When it comes time to go home for Christmas vacation, the normal routine for many college students may be to stuff as much dirty laundry in the car as they can and hit the road. Or, after responding to those “seeking ride” communicator announcements, some may pack in as many other students as possible and make multiple stops on the way to Pennsylvania, Iowa or some other Mennonite mecca. Some of you may even be able to walk home for break. Finally, I recognize that some in our community are unable to travel to their homes in other countries around the globe.
My home is the Old Pueblo, officially known as Tucson, Ariz., a city of one million spread across a Sonoran Desert valley and crowned on four sides with magnificent “sky island” mountain ranges, where ecological life zones go from desert scrub to spruce/fir forest within an hour’s drive. We are only 100 miles from Mexico and have a beautiful blend of cultures. When it came time to decide where to put important institutions, Tucson got the land-grant university, and Phoenix got the state prison (they now have a university as well). Phoenix has lawns; Tucsonans install drought-friendly xeriscaping. Yes, it’s a dry heat.
So, back in the middle of last semester when the chill started to set in on Goshen, trees started running out of leaves to drop and academic stressors began assaulting me head on, I began dreaming of my 296-days-of-sun Arizona home. When my father asked if he should reserve my flight, I surprised him by saying I would be taking the train. My reasons were varied but well-founded. He consented. A quick search on the Amtrak website had revealed that I could get from South Bend to Tucson without stepping in a car or plane. I would take the South Shore Line to Chicago. Then, the “Texas Eagle” promised to carry me deep into the heart of the Lone Star State, and the “Sunset Limited” would take me the rest of the way, winding through the Chihuahuan Desert and along the Rio Grande. This sounded a lot more romantic than Flight 264 and a packet of peanuts, served with a side of high-fructose corn syrup and some radiative forcing.
I had grown weary of the TSA, the full body scanners, the ridiculous security announcements, the $25 for first checked bag and the poster child of our petroleum-slurping economy that is air travel. Train travel uses less fossil fuel energy per passenger per mile than either airplane or automobile travel, and is one way that travelers can reduce their carbon footprint. My decision was ecological. It was also based in my new emerging ethic of place consciousness.
In order to fully understand and appreciate the differences between my college home and my desert home, I needed to travel the breadth of the margin that separated them. I needed to run my fingers, or at least my eyes, over the landscape between these two worlds, which so often seem disparate. Most of my college friends may never see me in my element, which is the Sonoran Desert in all its mystery. While I could not take any of my friends along (this is your open invitation), what I could do is live a little in the in-between while the train and tracks zipped up the two halves of my life like two sides of a sweater.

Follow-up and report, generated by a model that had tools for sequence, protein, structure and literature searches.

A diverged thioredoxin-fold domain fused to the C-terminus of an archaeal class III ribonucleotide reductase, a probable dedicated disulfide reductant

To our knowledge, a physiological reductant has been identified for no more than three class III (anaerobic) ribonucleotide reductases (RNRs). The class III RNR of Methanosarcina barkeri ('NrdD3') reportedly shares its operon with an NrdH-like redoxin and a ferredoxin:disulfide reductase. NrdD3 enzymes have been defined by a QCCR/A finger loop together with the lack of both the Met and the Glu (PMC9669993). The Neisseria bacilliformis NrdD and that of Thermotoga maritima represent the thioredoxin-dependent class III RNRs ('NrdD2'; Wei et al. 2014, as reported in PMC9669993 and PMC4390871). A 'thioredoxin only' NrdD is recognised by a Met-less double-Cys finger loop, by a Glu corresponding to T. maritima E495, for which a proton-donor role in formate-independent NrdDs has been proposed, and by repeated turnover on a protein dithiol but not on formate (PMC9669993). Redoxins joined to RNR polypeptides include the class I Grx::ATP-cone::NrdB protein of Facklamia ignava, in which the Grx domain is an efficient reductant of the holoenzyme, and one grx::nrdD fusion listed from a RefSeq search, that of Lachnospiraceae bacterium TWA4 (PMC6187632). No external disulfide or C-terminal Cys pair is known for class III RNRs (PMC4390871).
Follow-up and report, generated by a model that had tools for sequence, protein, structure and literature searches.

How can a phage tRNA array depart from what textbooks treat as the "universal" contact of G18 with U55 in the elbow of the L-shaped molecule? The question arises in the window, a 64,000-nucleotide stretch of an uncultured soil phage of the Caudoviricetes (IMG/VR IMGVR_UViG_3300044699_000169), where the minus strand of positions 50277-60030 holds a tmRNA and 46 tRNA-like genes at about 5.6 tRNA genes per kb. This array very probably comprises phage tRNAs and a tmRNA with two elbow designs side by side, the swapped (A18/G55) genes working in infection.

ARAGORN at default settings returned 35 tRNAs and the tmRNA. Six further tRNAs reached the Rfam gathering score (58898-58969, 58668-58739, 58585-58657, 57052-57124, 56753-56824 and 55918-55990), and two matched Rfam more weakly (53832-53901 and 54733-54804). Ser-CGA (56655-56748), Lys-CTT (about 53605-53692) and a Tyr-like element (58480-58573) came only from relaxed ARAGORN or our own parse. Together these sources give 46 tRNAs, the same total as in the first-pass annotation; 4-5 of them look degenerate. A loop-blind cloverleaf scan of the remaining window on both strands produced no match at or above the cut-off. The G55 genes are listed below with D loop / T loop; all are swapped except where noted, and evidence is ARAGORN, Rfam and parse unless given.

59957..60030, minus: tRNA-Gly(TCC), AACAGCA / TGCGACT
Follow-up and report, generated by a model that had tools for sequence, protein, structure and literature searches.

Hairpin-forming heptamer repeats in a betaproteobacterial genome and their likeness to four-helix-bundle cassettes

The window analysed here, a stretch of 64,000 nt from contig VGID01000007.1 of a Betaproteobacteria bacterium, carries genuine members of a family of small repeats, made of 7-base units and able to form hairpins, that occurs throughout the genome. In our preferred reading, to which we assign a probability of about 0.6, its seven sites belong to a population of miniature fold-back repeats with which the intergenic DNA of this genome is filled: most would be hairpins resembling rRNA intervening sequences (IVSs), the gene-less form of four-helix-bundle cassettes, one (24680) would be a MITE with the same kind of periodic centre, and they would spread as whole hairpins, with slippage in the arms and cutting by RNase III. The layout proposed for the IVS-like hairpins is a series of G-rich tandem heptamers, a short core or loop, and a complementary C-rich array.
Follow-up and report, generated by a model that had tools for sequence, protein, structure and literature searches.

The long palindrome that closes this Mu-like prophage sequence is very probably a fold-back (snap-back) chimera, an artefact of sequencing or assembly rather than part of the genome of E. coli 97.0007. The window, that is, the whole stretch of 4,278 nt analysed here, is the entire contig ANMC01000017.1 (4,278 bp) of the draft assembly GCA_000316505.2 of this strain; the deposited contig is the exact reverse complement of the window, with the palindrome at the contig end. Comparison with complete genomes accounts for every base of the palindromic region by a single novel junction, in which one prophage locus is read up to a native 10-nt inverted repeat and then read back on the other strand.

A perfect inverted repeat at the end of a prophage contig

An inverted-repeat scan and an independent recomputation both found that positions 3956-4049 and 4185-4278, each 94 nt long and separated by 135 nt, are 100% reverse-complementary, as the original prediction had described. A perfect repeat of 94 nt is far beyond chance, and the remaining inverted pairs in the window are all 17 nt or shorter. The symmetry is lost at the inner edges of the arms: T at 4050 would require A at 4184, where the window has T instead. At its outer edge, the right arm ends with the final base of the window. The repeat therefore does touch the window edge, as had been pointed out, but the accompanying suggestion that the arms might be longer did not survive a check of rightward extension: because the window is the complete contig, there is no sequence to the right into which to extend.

The value of the journey itself was manifested as I talked, shared and encouraged others who were also in transition between two spheres of life. How soon after an airplane flight do you forget the name of your seatmate? When I have flown before, I usually cannot wait to get off the plane, and my mind dwells on the destination; I have no concern for the cares or needs of the others on the plane. Choosing to take the train was an invitation to an alternative. Sitting up in those silver railcars, we discussed theology, music, gun violence and college life. We had table fellowship in the middle of some of America’s most scenic desert wilderness and while passing the back door of some of our dustiest cities.
Arriving at home, and close to tears, I shook the hand of my seat-mate, Tom, who was traveling all the way back to Fresno, only to pack up his car and move. His troubles were paused for a day or two as we shared with each other our favorite Emmylou Harris songs, our love and need for family, our faith and reliance on God. “I’ll never forget you,” we both said, and meant it. We had both been witness and participant to an act of shalom, of sharing along life’s pathways, and I knew then that God is indeed present in each of us; God was in Tom and in the young boys who waved at the train from the Mexican side of the fence as we passed through El Paso. When I stepped off into the warm desert air that evening and delivered myself to the arms of my family after 52 hours on the train, I had learned in a new way what it truly means to come home.
Josh Yoder is a junior environmental science major.